Richard Van Camp’s book focuses on the importance of family support on mental health
FORT SMITH, NT – Graphic novel, Spirit, is a very important piece of work written by Richard Van Camp and published by the South Slave Divisional Education Council (SSDEC) for three reasons.
First, it holds the title of the SSDEC’s 290th Aboriginal language publication and Van Camp’s 20th book in 20 years. Second, it is being published in Cree, Chıpewyan, Slavey, and English, making it an excellent short story for Aboriginal language classes all across the South Slave and Canada.
And third and most importantly, it focuses on the importance of relationships and how a loving, caring family can support positive mental health. It brings awareness to the challenges of depression and mental health and encourages the reader to reach out to those who are suffering and help them rediscover their value and worth.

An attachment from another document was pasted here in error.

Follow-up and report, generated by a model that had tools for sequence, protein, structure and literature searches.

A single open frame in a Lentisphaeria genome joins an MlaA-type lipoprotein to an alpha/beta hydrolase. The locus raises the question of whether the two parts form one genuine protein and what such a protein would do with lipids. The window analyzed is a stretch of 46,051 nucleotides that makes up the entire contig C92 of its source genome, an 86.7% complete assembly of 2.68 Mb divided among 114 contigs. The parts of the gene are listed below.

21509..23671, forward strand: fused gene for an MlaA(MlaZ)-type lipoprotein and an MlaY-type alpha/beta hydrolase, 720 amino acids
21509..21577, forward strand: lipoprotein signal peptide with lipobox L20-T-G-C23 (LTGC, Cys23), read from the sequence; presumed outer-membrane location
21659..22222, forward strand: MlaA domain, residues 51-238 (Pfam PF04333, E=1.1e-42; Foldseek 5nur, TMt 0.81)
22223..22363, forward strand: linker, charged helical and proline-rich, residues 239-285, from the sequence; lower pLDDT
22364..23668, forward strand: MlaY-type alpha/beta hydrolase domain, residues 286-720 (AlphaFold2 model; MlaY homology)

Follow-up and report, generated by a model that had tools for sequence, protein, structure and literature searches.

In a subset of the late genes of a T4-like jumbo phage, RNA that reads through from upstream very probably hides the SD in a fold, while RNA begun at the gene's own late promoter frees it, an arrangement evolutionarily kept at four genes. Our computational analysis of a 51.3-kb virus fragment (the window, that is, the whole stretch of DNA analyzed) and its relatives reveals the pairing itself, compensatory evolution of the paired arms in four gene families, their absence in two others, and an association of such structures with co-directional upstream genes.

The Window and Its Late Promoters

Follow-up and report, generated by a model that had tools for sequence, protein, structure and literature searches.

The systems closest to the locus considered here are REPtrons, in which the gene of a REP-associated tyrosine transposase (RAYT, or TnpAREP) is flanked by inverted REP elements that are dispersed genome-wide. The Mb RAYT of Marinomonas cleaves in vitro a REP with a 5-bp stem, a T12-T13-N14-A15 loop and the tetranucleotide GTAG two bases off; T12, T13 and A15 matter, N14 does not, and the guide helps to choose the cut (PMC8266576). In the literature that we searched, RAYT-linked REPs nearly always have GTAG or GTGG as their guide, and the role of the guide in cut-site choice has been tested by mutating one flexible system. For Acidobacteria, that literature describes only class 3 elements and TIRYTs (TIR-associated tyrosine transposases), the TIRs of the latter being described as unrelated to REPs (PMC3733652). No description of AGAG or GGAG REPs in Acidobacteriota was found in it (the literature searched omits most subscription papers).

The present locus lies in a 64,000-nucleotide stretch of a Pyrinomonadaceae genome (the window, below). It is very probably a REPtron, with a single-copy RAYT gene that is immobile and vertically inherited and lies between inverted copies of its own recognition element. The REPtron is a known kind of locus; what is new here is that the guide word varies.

Author Richard Van Camp said, “I was devastated to read of a young man taking his life some time ago in one of our northern communities because of bullying and I immediately wrote down what I wished for him: I wished that in his final hours that there was a way to show him how much he was loved, cherished, adored, admired, believed in. And I saw, in that moment, a spirit of pure love and innocence coming to him to hold him.”
“I hope everyone who reads it is reminded of how precious they are and how we need everyone healthy and everyone strong. We all need and deserve support for who we are and where we are at in our lives,” he continued. “I pray it creates courageous conversations and gets people asking for the help they need if they need it.”
The artwork for the graphic flip book was drawn by an aspiring illustrator Emily Brown, who Van Camp had high praise for. “[She] truly captured the tone, the caring, the desperation, the sorrow, the everything this story conveys.”